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In his 1966 book, The Night Battles, Italian historian Carlo Ginzburg detailed the lives of peasant people who were marginalized in their own society and have been all but forgotten in ours. He created a new school of study, microhistory, which has influenced thinkers from a range of different disciplines.
The Night Battles looks at the witch trials of a small group of peasants in 16th-century Italy who believed they turned into animals at night to ward off evil spirits and safeguard their crops. Ginzburg's analysis of available primary sources creates a remarkably detailed picture of this shamanism, which he claims could be traced back as far as 1,500 years.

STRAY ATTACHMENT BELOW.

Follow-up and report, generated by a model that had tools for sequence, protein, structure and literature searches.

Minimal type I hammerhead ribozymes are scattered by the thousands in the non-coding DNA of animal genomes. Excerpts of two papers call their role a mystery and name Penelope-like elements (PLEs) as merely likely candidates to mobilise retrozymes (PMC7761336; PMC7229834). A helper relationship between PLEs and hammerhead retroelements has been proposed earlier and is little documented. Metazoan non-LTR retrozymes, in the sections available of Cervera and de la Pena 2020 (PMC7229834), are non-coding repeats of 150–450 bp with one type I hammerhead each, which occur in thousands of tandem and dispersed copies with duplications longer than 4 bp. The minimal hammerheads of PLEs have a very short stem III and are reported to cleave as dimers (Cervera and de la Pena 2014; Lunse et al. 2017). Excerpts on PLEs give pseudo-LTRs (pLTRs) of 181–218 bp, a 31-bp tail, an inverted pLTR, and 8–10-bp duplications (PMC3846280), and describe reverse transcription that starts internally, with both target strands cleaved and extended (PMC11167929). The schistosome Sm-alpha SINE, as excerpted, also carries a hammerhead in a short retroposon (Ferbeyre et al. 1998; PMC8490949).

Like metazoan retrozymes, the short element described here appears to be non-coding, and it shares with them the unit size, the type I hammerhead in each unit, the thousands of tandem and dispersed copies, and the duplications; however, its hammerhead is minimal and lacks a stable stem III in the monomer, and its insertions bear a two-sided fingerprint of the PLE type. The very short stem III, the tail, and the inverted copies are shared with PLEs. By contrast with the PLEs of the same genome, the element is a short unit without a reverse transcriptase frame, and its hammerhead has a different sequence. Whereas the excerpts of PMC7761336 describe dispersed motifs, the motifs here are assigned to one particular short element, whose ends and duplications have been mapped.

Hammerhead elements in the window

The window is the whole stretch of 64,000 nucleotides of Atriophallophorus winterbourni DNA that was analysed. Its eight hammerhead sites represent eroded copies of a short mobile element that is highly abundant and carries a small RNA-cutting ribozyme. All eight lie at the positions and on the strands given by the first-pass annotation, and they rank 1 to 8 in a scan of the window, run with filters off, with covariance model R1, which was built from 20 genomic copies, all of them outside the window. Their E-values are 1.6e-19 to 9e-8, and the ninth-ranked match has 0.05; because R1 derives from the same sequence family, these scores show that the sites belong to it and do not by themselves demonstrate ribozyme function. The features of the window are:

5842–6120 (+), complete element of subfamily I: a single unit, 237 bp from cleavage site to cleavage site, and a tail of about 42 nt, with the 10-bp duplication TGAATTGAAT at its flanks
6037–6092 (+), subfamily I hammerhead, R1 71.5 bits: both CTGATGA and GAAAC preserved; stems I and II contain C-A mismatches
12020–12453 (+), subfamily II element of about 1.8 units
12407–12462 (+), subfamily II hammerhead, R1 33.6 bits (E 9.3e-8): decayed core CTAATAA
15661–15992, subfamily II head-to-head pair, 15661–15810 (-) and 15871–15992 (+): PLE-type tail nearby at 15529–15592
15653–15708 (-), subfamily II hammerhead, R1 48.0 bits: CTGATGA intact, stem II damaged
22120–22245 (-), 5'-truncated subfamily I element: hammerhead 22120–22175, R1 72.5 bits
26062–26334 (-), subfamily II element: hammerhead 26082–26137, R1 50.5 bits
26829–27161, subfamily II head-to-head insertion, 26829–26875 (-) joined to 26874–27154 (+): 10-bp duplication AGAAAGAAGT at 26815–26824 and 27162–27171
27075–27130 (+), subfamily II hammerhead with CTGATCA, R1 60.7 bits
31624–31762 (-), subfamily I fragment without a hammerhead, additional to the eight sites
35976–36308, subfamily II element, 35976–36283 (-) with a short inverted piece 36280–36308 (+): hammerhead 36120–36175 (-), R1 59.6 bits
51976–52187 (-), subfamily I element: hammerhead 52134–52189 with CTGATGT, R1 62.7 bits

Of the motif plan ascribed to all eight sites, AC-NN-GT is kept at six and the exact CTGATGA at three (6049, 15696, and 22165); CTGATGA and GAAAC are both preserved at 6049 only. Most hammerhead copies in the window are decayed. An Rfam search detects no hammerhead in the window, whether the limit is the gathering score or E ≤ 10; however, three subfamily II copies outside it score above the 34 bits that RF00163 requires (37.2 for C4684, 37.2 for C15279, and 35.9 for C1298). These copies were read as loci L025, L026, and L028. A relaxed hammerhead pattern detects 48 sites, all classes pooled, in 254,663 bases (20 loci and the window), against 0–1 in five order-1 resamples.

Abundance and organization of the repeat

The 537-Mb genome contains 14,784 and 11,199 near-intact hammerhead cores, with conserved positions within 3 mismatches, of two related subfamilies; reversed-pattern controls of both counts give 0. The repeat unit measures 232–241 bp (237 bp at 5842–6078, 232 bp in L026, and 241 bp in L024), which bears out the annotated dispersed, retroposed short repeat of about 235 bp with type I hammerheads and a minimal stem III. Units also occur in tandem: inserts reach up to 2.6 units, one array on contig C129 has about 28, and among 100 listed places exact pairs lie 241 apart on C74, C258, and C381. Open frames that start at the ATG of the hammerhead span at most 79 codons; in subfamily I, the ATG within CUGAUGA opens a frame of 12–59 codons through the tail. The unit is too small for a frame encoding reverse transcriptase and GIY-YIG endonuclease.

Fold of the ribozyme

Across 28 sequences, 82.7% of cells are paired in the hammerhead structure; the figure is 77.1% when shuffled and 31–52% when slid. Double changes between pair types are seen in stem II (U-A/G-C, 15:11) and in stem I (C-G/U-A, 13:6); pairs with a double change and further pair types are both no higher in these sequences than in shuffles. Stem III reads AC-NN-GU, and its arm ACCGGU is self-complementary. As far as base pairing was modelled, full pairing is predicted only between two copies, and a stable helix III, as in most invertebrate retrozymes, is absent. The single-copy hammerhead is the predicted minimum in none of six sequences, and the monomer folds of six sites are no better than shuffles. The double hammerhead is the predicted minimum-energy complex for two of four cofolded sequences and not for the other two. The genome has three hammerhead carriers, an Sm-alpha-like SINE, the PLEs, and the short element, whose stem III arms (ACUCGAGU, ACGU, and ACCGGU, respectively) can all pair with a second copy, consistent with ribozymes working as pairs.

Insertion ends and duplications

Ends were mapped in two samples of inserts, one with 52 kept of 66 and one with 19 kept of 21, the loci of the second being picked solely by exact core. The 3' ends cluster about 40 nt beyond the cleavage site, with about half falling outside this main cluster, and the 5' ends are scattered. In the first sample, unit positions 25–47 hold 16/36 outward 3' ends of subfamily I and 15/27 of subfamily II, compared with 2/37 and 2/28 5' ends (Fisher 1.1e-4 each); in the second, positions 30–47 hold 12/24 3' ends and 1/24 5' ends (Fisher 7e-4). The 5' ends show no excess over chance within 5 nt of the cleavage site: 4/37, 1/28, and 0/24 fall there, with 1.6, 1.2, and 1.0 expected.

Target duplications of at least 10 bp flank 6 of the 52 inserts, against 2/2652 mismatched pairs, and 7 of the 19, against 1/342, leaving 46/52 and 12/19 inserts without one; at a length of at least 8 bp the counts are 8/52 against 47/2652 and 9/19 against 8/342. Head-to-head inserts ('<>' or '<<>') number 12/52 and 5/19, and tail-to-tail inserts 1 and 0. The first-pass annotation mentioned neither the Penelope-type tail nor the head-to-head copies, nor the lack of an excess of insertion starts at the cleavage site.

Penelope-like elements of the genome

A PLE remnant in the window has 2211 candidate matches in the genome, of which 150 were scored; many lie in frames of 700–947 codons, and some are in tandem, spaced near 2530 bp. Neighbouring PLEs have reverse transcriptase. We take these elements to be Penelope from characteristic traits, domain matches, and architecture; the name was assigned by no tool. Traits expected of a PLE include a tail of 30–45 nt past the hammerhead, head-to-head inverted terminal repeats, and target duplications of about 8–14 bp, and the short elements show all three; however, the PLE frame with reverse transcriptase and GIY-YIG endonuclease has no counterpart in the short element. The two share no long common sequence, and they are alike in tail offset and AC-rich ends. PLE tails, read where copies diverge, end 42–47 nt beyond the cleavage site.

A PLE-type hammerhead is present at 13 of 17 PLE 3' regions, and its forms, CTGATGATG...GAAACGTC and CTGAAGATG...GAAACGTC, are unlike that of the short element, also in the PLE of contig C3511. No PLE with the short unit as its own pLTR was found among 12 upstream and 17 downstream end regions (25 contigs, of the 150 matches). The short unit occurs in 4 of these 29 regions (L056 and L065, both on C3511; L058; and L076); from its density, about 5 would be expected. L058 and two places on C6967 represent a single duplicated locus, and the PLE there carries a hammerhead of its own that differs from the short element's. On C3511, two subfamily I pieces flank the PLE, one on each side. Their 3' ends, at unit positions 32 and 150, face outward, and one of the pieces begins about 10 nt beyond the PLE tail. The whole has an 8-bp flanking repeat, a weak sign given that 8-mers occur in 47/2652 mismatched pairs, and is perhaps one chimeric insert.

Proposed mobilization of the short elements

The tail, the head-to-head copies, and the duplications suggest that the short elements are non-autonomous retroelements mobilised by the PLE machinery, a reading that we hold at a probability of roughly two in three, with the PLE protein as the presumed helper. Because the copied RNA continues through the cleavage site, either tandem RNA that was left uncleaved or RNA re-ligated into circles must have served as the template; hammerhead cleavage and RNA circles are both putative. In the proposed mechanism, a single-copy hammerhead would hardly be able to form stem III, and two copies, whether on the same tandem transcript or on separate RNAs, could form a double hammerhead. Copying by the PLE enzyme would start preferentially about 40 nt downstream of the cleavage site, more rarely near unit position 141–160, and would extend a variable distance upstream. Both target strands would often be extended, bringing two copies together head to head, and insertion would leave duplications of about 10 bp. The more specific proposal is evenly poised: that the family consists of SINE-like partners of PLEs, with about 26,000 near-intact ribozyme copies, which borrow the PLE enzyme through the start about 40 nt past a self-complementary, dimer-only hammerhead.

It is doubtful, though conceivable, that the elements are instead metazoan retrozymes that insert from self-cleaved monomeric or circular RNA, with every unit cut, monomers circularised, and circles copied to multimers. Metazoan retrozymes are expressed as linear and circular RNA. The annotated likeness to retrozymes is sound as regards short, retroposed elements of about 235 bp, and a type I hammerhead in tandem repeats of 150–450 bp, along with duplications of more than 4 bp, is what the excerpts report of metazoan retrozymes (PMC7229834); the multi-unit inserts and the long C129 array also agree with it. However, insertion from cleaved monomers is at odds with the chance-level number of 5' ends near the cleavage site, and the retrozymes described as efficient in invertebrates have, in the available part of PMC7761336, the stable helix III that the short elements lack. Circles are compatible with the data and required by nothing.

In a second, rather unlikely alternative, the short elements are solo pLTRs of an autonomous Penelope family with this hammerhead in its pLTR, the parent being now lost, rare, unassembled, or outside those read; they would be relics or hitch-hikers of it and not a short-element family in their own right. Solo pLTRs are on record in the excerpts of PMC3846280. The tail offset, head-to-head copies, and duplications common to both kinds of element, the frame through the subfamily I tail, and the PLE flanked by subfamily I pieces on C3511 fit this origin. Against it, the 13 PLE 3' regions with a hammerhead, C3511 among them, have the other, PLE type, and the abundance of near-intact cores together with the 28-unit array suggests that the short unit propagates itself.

Ginzburg issued a challenge to late-20th-century academic norms - and pioneered new historical research techniques in doing so. Today, listeners turn to The Night Battles not only for its account of a series of witch trials but for Ginzburg's groundbreaking analysis of the ways prevailing ideologies reinterpret, create, and impose new meanings on popular practices.